Tag Archives: negotiations

Sports lovers cry foul after MSG blackout


| brennison@queenscourier.com


If a game is played and no one is able to watch it, did it really happen?

More than one million sports fans have faced off with this problem after MSG was dropped from the Time Warner Cable lineup on January 1.

The sports network and Time Warner are more than two weeks into their standoff leaving Knicks, Rangers, Islanders and Devils fans in the lurch.

The dispute is over licensing fees that cable companies pay networks in order to carry their channel.  MSG wants more than Time Warner is offering and Time Warner is not willing to pay what MSG is asking.

Time Warner’s senior vice president, Mike Angus, said the two companies reached a deal last year that was agreed to by both sides — but claimed MSG reneged on the deal.

The network said that Time Warner rejected every offer made over two years — never having a deal in place.

While talks have broken off, Time Warner spokesperson Eric Mangan said the company is waiting for MSG to come back to the negotiating table.

“It’s all propaganda. Obviously in commercials Time Warner and MSG are going to say the opposite of each other. Is it really a 53 percent increase, is it not? Who knows? It’s all slanted one way or another,” said Queens resident Steven Cohen, referring to Time Warner’s claim that MSG asked for a 53 percent increase in their licensing fee.

The cable company called MSG’s demands way out of line.  “We are looking out for the interests of out customers,” a spokesperson said.

“All we have asked is for Time Warner Cable to value our programming in the same way as other TV providers — nothing more, nothing less,” MSG Media President Michael Bair said.

MSG is owned by Madison Square Garden, Inc. which is chaired by Knicks and Rangers owner James Dolan.

The city’s comptroller called a foul on Time Warner for blacking out city sports fans.

“As this dispute continues, 1.3 million city residents are left without the programming they paid for,” Comptroller John Liu said.  “The least they could get is a break on their cable bill.”

Liu sent a letter to Glenn Britt, CEO of Time Warner Cable, urging the company to rebate $5.95 — the price of the Time Warner Cable Sports Pass.

“I pay all that money for cable so I could watch the Knicks, and now they say I can’t,” said Knicks fan Chris Lerner as he waited for the LIRR in Bayside.  “Going to games isn’t an option because tickets are through the roof. How much money does MSG need?”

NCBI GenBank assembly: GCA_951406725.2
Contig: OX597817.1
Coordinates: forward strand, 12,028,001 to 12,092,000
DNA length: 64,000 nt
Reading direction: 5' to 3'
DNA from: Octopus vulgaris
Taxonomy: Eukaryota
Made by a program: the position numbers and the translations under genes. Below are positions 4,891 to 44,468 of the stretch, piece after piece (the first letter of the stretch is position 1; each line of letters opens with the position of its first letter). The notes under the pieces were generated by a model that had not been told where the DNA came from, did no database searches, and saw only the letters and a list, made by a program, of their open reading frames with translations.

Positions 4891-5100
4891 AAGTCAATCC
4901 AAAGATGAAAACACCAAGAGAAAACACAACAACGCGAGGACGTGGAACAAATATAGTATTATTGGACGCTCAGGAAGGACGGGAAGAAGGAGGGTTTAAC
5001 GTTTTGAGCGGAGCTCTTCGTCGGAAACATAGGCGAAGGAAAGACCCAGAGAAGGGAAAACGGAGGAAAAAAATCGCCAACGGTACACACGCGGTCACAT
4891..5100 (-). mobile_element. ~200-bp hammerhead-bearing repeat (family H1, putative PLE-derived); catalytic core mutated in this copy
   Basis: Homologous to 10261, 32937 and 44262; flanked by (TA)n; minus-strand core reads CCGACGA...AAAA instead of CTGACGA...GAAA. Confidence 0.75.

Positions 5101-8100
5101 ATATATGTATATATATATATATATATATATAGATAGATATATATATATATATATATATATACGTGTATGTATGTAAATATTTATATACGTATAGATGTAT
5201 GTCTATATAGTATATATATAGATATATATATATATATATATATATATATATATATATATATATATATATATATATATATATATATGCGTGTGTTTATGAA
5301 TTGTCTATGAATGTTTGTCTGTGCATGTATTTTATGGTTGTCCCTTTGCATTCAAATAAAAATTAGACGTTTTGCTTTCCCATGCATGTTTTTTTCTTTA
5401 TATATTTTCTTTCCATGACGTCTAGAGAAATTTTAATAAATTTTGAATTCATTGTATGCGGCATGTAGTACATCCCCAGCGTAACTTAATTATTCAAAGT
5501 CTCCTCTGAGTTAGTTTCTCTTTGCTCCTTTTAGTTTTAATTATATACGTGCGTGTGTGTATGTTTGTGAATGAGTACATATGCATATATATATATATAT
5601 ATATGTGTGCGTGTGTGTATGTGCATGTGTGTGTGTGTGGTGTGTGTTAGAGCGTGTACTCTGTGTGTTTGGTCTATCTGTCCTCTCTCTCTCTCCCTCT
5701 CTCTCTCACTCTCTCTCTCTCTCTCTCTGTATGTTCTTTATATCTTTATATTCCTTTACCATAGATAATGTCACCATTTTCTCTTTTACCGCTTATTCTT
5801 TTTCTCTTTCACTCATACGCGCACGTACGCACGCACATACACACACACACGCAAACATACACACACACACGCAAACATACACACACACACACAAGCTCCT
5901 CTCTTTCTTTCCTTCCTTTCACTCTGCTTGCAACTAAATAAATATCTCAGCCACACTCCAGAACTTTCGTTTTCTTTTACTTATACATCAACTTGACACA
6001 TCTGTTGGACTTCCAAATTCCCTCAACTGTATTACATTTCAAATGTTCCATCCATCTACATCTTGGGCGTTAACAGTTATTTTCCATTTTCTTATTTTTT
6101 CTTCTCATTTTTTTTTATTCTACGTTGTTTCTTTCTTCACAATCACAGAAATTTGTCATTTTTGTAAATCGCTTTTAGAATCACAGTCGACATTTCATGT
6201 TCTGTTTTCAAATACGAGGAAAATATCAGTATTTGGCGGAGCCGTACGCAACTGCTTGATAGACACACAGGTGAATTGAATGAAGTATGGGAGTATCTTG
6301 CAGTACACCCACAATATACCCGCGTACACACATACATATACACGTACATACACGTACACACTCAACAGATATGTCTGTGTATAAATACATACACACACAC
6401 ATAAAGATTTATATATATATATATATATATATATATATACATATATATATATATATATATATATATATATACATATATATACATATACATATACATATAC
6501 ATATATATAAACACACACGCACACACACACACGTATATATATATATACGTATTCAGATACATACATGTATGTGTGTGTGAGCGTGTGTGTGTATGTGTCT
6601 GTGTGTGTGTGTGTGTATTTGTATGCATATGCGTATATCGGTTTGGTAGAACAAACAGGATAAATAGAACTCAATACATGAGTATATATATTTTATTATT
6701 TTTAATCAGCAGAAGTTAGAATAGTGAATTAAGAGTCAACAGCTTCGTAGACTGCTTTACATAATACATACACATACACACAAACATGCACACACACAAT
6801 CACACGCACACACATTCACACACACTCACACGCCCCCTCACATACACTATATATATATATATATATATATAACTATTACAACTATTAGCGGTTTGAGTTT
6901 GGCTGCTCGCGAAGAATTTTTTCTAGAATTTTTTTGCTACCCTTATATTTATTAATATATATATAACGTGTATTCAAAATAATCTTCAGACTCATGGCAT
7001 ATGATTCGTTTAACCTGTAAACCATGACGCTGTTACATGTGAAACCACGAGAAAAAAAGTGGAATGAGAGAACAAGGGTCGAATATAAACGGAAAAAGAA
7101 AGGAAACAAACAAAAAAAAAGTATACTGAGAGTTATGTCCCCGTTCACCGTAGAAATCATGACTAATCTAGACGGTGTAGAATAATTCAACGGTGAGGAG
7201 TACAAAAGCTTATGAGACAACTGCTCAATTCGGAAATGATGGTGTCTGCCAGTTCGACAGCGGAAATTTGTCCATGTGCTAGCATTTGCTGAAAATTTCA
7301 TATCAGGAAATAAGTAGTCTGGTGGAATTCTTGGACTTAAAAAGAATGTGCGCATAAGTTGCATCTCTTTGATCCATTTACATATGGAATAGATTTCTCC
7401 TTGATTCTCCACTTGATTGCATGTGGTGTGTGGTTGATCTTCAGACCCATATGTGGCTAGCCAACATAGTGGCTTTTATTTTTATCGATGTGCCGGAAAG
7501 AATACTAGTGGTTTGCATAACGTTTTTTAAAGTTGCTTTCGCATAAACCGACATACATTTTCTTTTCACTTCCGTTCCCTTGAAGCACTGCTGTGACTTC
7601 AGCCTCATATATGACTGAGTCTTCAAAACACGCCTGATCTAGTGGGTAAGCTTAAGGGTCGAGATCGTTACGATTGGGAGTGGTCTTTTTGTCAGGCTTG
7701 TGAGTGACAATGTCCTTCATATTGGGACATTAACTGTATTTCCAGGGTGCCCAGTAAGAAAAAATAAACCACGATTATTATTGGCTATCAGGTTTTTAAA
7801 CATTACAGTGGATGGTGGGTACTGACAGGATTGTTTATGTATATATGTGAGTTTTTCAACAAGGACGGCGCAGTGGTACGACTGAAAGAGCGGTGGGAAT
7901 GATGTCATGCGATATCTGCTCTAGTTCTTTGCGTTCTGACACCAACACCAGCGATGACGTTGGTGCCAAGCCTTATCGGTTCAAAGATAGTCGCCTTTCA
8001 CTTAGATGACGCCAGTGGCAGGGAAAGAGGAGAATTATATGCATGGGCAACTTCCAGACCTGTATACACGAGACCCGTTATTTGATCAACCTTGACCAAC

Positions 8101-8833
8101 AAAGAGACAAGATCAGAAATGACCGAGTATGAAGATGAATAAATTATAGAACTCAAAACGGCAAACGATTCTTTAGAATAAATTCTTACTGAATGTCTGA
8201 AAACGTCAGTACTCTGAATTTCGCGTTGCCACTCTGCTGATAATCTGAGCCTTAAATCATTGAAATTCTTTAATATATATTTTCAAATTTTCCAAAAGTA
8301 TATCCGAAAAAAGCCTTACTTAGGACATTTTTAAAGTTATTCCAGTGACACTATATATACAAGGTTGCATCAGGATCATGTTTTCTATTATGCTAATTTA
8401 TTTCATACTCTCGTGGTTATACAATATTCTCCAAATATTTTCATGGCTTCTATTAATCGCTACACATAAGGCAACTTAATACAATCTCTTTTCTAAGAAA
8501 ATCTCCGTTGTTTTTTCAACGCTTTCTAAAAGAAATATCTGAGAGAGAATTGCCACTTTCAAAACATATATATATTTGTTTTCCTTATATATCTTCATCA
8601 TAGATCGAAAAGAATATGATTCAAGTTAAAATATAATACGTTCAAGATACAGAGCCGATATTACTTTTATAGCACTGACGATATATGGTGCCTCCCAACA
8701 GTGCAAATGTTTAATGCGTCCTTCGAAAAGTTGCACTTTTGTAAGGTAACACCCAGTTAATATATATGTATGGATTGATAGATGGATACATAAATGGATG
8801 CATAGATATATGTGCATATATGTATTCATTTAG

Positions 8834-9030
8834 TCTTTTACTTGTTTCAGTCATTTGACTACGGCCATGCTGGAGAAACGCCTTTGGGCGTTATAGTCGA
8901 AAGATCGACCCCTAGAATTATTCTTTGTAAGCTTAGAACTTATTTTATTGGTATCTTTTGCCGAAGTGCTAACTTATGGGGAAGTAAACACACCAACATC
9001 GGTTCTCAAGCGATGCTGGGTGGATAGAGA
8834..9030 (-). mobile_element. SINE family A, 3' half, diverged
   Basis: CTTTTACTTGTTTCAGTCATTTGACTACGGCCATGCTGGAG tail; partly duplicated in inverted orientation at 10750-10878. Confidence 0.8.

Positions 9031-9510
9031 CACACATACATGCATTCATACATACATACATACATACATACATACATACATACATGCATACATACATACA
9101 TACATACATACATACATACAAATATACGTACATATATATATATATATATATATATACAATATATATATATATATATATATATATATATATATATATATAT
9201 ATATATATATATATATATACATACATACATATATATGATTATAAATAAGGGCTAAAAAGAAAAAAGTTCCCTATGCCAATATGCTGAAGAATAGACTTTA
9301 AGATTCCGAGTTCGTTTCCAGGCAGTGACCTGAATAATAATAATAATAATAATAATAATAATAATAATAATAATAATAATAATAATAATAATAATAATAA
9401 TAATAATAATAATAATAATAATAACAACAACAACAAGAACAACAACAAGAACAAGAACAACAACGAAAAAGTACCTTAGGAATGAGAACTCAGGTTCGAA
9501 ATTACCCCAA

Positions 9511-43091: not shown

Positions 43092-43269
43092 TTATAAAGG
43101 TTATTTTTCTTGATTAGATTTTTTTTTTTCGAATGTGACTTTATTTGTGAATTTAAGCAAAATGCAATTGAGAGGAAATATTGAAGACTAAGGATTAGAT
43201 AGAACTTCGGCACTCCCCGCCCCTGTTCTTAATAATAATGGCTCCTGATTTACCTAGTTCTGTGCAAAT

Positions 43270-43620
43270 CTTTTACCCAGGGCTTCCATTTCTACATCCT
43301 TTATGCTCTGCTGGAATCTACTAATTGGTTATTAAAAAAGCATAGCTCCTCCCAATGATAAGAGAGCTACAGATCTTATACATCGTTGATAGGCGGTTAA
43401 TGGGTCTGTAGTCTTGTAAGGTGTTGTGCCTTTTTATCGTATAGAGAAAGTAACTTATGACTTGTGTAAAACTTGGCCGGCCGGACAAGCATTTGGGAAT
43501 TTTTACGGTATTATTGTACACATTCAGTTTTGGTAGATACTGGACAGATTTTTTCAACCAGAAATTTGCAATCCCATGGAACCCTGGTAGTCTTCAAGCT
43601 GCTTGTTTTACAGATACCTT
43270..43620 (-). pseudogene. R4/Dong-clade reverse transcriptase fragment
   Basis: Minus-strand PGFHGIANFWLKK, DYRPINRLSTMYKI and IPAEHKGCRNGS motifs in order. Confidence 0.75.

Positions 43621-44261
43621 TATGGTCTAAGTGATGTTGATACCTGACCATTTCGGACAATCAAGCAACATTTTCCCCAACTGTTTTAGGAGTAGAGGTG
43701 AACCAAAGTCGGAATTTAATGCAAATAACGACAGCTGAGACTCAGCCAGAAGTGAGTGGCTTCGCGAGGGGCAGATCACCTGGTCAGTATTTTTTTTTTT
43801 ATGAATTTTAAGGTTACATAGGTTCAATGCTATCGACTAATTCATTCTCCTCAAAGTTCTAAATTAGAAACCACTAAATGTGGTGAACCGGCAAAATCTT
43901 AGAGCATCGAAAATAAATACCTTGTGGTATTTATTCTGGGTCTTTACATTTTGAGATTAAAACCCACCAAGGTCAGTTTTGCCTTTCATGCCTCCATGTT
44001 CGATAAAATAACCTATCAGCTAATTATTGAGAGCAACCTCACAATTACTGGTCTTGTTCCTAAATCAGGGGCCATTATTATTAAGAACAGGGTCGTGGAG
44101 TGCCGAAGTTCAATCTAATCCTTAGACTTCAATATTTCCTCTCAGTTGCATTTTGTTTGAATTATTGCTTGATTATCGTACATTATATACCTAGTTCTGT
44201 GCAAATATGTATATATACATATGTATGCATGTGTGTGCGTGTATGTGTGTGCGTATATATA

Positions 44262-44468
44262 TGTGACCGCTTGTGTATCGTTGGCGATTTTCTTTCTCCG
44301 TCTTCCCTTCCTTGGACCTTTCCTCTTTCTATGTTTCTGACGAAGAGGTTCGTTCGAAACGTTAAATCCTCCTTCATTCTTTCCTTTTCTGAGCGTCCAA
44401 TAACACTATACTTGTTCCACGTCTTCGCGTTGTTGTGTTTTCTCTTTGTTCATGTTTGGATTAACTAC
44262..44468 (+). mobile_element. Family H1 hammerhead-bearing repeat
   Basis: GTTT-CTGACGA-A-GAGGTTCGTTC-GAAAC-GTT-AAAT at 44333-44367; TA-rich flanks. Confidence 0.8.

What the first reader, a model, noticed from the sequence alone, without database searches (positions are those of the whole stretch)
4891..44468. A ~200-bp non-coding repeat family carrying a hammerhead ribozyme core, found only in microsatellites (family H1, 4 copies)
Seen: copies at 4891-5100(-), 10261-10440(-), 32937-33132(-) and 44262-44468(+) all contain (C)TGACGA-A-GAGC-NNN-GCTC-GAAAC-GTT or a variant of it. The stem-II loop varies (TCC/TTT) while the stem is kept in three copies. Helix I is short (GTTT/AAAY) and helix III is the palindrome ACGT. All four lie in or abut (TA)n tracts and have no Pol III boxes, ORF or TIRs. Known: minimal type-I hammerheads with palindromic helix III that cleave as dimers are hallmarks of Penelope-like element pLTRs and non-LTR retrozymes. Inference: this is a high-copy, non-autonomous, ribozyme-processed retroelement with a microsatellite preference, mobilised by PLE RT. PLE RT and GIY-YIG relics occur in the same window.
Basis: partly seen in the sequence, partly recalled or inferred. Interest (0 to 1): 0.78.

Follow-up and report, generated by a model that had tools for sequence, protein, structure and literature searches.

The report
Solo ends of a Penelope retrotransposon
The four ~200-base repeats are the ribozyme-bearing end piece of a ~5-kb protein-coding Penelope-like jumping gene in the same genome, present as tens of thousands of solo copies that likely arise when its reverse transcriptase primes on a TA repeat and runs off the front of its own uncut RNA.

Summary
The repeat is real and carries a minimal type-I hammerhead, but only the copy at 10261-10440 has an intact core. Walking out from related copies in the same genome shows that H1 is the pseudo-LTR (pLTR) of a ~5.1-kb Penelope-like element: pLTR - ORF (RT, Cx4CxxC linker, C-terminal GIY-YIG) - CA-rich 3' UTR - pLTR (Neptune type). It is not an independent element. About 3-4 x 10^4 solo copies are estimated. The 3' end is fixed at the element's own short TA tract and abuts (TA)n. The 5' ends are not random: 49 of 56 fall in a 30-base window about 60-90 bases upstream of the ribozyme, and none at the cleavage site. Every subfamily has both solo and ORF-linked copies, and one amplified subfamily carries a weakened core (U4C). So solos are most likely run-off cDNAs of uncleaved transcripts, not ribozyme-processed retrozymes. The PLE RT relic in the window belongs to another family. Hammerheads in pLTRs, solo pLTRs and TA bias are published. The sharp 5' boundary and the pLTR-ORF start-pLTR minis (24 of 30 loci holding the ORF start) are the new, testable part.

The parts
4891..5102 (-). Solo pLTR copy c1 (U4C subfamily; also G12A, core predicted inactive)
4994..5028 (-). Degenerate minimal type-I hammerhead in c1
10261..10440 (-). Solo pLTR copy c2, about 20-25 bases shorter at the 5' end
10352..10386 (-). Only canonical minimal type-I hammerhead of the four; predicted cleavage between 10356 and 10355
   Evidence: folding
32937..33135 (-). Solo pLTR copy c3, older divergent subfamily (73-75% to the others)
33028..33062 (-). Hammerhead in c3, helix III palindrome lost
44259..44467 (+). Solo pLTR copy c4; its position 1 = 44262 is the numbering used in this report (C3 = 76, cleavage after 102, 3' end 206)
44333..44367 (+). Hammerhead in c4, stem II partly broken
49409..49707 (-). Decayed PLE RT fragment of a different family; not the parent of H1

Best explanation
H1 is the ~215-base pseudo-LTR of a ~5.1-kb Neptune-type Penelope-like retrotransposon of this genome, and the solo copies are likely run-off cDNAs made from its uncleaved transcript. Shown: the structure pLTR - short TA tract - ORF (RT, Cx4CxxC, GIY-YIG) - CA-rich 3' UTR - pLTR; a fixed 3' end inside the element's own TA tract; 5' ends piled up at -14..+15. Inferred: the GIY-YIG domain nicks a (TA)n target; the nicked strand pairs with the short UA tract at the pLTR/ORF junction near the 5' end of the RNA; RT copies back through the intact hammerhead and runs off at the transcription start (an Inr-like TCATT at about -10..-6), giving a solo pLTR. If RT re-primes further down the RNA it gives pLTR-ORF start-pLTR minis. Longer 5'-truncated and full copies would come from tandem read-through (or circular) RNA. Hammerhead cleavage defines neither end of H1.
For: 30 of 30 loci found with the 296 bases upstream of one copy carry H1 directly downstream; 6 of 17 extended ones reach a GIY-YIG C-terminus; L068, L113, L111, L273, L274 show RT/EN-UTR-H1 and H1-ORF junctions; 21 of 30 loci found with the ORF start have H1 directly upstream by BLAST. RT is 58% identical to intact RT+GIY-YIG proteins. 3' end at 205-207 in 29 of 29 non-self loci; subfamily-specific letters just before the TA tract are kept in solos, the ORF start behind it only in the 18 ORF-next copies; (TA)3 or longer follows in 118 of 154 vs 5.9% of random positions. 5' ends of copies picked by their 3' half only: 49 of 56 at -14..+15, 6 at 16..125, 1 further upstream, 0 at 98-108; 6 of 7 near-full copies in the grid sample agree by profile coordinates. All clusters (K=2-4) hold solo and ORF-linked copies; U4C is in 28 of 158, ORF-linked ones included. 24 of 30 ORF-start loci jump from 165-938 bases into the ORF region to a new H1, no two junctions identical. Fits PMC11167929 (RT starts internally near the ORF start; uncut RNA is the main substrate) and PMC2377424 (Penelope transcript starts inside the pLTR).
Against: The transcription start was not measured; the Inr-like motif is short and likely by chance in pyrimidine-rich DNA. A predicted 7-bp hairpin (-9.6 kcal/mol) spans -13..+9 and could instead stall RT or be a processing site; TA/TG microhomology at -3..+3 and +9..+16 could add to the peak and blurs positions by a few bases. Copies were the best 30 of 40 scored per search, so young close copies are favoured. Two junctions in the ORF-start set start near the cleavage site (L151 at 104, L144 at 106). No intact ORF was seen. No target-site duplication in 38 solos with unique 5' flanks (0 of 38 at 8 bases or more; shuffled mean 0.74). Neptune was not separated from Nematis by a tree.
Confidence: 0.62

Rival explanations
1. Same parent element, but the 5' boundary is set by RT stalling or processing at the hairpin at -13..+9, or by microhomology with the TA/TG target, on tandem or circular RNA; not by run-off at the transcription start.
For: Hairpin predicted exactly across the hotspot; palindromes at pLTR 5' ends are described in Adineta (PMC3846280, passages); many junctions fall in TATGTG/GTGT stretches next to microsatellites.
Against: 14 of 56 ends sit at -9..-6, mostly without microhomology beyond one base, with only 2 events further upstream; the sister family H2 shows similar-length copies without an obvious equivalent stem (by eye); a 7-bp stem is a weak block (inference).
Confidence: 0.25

“Customers are understandably frustrated that they are forced to pay for channels they do not receive, particularly when many customers do not have access to another cable television provider,” Liu wrote in the letter.

Funding for failing schools suspended


| mchan@queenscourier.com


Federal funds for the city’s failing schools are on the line following negotiation deadlocks between the city and the union.

Education Commissioner John B. King, Jr. announced on January 3 that he has suspended “School Improvement Grant” (SIG) funding throughout the state. The $60 million in SIG grants would have provided “adequate resources” — including extra instructors and materials — for the city’s lowest-performing schools.

“Sadly, the adults in charge of the city’s schools have let the students down,” King said. “This is beyond disappointing. The failure to reach agreements on evaluations leaves thousands of students mired in the same educational morass. Until the grown-ups in charge start acting that way, it won’t be a very happy New Year for the students at the SIG schools in the city.”

The suspension came shortly after Schools Chancellor Dennis Walcott wrote to King, declaring disagreements in several key negotiations with the United Federation of Teachers (UFT) regarding teacher evaluations.

In order to receive the funding, Walcott and the UFT had five months to agree to “implement a comprehensive and meaningful teacher evaluation system” for the state’s 44 failing schools.

However, the two parties clashed on ideas “almost every step of the way,” Walcott said in a statement, including basic negotiations over appointing arbitrators to handle cases.

“Our goal is to ensure that we have the best teachers in our classrooms. Unfortunately, the union is more interested in setting up procedural roadblocks to protect the very worst performing teachers,” Walcott said. “This disagreement — regarding both policy and principles — leads me to conclude that we will not be able to come to an agreement on a fair and progressive teacher evaluation system.”

According to UFT President Michael Mulgrew, the agreement — that has not yet been reached — must focus on creating a process to help teachers improve their performance by providing them with feedback on the specific classroom issues that need to be addressed, among other resources.

“Teachers look forward to the opportunity to improve their practice. If the DOE’s major focus is on penalizing its employees for their perceived shortcomings rather than to devise a process that will help all teachers improve, it is doing a disservice to the schools and the children they serve,” Mulgrew said.

Several struggling schools in Queens could suffer from negotiation stalemates, including The Law, Government and Community Service High School in Cambria Heights, which was the lowest scoring school in the borough and falls in the bottom 6.7 percentile of city high schools.

Other low-performing schools like Flushing High School, Richmond Hill High School and August Martin High School in Jamaica received a “D” during the most recent progress report, as well as Martin Van Buren High School in Queens Village and Pan American International High School in Elmhurst.